Capertee is a quiet little tablelands village, located 186 km’s north of Sydney. It sits on the peak of the Great Dividing Range. In 2006, the town had a population of 72 people.
Prior to European settlement, the Capertee district was occupied by the Wiradjuri people. The first European explorer to traverse the district was James Blackman, who journeyed through to the Mudgee area in 1821. Sheep properties were later established in the area during the 1840s, producing quality wool.
Grazing, farming, timber getting and the local mines and power stations constitute the basis of the local economy. In 1851 a 48kg gold nugget was discovered in the area by an Aboriginal prospector and other finds were then made on the Turon River and in nearby creeks. This greatly increased traffic on the Mudgee road and inns began to appear. Capertee village sprang from one such inn.
The railway arrived from Wallerawang in 1882. Consequently Capertee acquired a school; in the form of a tent, which was replaced by a pre-fab building in 1883. More importantly the railway enabled the exploitation of the areas known mineral resources- coal limestone and mineral shale. The line still operates although the railway station is closed.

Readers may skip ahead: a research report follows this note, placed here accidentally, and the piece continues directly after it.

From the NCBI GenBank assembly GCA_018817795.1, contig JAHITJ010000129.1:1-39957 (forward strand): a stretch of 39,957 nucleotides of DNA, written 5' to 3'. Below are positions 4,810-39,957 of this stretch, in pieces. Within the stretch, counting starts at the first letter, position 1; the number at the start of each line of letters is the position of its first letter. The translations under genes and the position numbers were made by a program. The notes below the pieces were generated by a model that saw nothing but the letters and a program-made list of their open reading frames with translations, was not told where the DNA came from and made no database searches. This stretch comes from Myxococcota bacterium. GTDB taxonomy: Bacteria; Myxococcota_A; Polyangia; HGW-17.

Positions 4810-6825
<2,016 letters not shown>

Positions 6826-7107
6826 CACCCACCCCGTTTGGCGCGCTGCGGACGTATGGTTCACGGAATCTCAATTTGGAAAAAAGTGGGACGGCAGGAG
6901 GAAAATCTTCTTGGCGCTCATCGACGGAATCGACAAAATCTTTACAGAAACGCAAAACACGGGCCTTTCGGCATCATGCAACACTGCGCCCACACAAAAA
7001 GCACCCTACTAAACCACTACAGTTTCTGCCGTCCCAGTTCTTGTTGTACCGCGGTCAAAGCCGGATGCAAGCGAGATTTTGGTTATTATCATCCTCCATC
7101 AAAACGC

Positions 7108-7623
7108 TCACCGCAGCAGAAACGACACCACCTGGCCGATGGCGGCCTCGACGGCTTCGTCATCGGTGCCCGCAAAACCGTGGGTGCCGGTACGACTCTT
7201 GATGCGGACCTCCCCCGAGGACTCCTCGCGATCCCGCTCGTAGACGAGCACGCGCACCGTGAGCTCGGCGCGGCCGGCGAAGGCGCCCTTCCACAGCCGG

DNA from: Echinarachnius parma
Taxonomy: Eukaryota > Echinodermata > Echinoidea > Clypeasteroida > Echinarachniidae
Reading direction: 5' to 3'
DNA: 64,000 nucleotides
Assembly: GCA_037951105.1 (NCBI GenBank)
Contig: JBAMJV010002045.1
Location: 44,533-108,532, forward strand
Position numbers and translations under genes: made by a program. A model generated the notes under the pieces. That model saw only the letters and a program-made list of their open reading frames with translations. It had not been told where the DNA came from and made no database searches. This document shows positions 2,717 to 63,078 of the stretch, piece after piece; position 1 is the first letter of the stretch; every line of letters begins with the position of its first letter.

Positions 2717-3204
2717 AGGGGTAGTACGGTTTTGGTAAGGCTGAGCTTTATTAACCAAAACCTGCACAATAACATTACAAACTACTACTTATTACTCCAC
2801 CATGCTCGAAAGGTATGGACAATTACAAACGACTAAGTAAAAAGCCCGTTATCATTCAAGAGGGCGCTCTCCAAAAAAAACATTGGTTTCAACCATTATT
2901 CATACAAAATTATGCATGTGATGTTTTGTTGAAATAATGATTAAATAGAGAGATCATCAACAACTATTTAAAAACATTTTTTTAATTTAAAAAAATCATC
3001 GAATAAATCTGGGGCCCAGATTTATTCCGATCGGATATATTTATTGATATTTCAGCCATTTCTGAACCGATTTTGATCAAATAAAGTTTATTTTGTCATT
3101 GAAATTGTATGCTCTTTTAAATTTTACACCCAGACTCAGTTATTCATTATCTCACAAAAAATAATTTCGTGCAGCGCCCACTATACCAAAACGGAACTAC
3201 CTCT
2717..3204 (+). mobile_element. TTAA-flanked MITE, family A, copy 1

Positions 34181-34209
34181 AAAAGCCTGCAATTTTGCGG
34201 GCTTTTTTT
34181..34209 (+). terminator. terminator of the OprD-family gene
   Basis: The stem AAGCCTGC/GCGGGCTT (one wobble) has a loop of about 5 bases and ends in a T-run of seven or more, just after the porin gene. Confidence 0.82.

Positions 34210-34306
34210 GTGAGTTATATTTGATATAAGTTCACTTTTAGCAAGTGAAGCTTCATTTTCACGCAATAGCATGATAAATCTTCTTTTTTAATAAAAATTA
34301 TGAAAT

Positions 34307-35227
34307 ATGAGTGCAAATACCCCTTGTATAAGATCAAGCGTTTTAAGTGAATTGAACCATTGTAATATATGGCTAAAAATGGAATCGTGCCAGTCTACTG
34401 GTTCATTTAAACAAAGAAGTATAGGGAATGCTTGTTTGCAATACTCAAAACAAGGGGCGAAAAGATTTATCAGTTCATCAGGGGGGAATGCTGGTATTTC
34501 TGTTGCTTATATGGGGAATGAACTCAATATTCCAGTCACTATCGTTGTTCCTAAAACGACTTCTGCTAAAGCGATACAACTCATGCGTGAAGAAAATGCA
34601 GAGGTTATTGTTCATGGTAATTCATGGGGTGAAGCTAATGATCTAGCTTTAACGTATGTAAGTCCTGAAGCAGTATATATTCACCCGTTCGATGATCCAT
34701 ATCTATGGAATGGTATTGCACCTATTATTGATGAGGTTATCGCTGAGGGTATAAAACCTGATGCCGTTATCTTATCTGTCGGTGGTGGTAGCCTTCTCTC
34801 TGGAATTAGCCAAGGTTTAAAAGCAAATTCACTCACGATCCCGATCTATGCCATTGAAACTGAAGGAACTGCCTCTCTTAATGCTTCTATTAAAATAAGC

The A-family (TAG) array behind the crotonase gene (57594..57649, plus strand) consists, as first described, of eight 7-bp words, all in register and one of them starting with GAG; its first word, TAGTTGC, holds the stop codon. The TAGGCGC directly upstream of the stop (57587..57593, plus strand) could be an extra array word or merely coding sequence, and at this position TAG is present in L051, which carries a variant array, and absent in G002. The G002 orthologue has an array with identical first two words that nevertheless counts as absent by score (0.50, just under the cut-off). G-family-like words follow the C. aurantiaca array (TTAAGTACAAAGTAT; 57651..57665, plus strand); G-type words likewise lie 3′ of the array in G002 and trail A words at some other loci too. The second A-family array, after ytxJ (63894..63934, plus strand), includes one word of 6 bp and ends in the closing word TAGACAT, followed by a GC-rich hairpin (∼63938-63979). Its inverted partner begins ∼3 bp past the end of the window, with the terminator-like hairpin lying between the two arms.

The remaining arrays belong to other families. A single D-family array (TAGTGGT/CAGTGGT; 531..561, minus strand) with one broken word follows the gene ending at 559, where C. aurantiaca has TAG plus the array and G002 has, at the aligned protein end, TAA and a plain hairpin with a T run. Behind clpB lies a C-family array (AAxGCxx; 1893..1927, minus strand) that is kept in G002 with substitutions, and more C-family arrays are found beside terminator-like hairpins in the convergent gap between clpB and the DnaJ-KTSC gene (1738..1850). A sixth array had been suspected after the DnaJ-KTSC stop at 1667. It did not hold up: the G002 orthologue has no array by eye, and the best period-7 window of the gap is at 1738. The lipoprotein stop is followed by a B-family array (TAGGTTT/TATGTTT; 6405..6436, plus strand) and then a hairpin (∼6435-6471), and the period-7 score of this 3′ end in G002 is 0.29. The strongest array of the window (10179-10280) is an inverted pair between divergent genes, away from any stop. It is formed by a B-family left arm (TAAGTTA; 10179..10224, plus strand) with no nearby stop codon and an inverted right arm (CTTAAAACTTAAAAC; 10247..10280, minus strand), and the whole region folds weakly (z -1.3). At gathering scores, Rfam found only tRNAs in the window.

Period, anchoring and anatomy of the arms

Capertee has a public school, police station, bush fire brigade hall, community hall (Progress Hall), public house (Royal Hotel), public telephone, two (rare) fibro constructed churches, and a combined garage/shop/post office. A community market is held on the third Sunday of each month in the Progress Hall.
Overnight accommodation is limited but is available at the Royal Hotel in the middle of the town. Houses and cabins, of varying quality and price range, are also available in Capertee and the surrounding area.
Just 2km’s south of town is Pearsons Lookout. It furnishes outstanding views of the Capertee Valley to the east. At nearly 30km’s across it is the largest enclosed valley in Australia. Camping facilities are available at the Turon Gates camping area, on the Turon River. There are log cabins and camping sites, with opportunities for horse riding, canoeing, fishing, sailing and bush-walking.